#30DaysWild – Day 23 Ultimate Shetland: Flower Meadows & Mousa Petrels
What an incredible morning! Shetland really specialises in huge skies and this morning was a wonderfully still morning with clear blue skies… the view from the Ultasound Hotel on Unst was pretty special!
It was our last day on the island, as we would be heading back across on the ferry to Yell and then onto the mainland. As it was such a still, gorgeous morning, we stopped again at some pools we had been visiting, watching for phalarope… they didn’t appear, but the arctic terns, ringed plover and dunlin showed well . The wheatear, snipe and oystercatchers also made regular appearances and it was idyllic sitting there, bird watching.
Stopping off to pick up some trail cams we had set when we arrived in Unst, we were pleased to have captured at least one clip of the visiting otter..
The journeys across on the ferries were wonderful as the weather was so good… I even ventured to take my hat off! We all constantly scanning the horizon for any sign of dolphins… sadly not this time, but lovely views of gannet, greylag geese flying over, black guillemot, guillemot and the occasional puffin.
We headed to the mainland and to the lovely wild flower meadow outside Cheyne House to have our lunch. This area is not grazed and is just stunning with a wonderful display of orchid, cotton grass, spring squill, tormentil, eyebright and thrift… plenty of opportunities to take photos and enjoy the landscape!
Heading up the hills, we searched the dry landscape for mountain hare. Shetland has been the driest place in the UK for June and it certainly shows. The usually soft and damp sphagnum was dry and crispy and the pools and rivulets of fresh water were dry. The mountain hare are particularly difficult to see at this time of year, as they blend so well with the habitat. Sadly, despite our best efforts, the hare eluded us.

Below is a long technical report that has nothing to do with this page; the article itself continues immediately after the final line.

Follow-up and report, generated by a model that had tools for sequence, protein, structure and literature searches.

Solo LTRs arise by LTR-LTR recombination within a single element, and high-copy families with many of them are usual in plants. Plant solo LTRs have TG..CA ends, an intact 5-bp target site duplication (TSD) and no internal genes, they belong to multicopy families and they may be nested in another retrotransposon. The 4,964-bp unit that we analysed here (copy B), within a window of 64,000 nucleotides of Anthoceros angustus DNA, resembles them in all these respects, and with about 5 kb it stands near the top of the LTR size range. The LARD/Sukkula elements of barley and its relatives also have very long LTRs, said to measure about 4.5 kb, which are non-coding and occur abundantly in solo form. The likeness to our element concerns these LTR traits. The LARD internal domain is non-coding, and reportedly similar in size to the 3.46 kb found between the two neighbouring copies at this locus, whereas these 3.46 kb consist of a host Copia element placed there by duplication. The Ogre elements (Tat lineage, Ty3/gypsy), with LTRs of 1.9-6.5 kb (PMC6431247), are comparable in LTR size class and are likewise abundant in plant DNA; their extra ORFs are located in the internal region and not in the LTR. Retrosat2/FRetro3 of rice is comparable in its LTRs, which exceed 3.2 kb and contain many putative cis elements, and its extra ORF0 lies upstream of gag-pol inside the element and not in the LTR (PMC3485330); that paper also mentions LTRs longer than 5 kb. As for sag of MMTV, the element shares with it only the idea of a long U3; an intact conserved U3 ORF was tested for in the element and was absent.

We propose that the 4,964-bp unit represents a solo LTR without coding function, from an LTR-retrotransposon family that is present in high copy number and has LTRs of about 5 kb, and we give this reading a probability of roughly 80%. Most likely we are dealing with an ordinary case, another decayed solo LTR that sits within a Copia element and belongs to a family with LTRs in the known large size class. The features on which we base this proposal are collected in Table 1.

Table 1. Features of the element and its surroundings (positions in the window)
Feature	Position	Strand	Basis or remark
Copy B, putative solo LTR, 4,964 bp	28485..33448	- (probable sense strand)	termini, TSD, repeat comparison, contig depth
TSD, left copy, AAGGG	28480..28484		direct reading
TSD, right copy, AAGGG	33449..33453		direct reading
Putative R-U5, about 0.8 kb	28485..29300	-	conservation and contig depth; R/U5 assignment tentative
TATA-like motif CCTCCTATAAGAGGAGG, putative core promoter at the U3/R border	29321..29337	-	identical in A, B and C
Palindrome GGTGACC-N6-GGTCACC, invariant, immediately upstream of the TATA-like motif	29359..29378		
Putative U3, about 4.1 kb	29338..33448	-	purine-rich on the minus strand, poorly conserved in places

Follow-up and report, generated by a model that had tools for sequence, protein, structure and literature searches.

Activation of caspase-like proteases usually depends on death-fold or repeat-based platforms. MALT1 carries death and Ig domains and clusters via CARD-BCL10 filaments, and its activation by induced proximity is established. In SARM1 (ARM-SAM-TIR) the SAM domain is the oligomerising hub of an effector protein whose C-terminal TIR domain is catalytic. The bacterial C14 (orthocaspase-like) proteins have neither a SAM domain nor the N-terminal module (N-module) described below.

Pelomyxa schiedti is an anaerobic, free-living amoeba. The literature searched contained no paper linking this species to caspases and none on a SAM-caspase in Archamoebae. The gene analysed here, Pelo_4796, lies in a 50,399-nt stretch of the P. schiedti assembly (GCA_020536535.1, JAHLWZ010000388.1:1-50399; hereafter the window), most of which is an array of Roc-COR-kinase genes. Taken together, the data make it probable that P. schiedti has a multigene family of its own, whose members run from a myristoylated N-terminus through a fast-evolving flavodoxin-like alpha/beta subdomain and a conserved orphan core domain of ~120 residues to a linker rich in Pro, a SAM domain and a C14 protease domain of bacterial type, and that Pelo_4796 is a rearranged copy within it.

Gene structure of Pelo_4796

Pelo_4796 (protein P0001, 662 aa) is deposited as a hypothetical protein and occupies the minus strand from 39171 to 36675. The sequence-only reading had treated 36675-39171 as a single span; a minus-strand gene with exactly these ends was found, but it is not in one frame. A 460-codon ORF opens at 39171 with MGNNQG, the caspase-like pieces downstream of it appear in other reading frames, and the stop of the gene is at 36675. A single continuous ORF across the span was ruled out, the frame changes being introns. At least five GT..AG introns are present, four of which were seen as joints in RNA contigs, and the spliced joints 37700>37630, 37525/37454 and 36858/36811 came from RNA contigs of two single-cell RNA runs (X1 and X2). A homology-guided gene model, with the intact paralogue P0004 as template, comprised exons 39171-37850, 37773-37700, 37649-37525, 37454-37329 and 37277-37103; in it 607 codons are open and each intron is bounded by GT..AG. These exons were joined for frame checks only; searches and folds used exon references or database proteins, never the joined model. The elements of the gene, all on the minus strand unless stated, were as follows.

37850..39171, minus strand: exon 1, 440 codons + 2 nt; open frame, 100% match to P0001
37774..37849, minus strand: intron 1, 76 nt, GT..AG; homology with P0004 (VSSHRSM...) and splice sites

It was time to head back to the Spiggie Hotel for a bit of a rest before our night trip to Mousa to see the storm petrels. When the light fades, hundreds of these tiny birds return to their nests in the Broch and the surrounding stone wall and stony beaches. Mousa is a wonderfully atmospheric island, especially at night. You can find out more about it here.
- The name Mousa comes from the Old Norse “Mósey” meaning mossy island.
- Situated at 60º North it has an approximate latitude with Oslo and Helsinki.
- The island is 1½ miles long and about 1 mile at its widest and is divided into two areas – the North Isle and the larger South Isle. The highest point is 180ft.
- The geology is predominately Old Red Sandstone interspersed with limestone.
- The island is designated as a special protection area and is managed as a Nature Reserve by the RSPB.
- The Broch is maintained by Historic Scotland.
- Mousa has been inhabited since Neolithic times and there are several sites from this period – see map.
- The first mention of Mousa is by the Icelandic Chroniclers in the 9th century.
- “Mósey Jarborg” meaning the tower or castle of Mousa was the name given to the Broch in Old Norse.
- The island supported eleven households in 1794 but became uninhabited when the last family (Smith) left in 1853.
The atmospheric nature of the trip was enhanced when we boarded the boat at 10pm in the fog! Calm seas and a sailing mist gave the trip to the island a rather surreal feel!
We left the boat and started the 15 minute walk to the ancient broch. Despite is being half ten at night, it was easy navigable without torches as, at this time of year, it does not get completely dark in Shetland. The broch loomed out of the mist…
Standing by the broch, it was not long before the petrels started coming in, their bizarre churring calls from deep inside the walls and surrounding stone areas creating a weird soundscape.
Like tiny bats, they flitted and dipped around our heads, landing on the walls awkwardly and then clambering up to locate their waiting mates.
Using the Bushnell Equinox Z night vision, I attempted to film them…
We also located an individual in a hole near the entrance. Setting the Equinox up on the tripod, I filmed her deep inside the broch’s protective walls…
It is a most magical experience and one which we will all treasure, made even more special by the fact that Hugh had chartered the boat and we were the only ones on the island.
Tired, but extremely happy, we headed back to our beds, finally falling asleep at nearly 2am, with the churring sound of petrels still in our ears…. just incredible!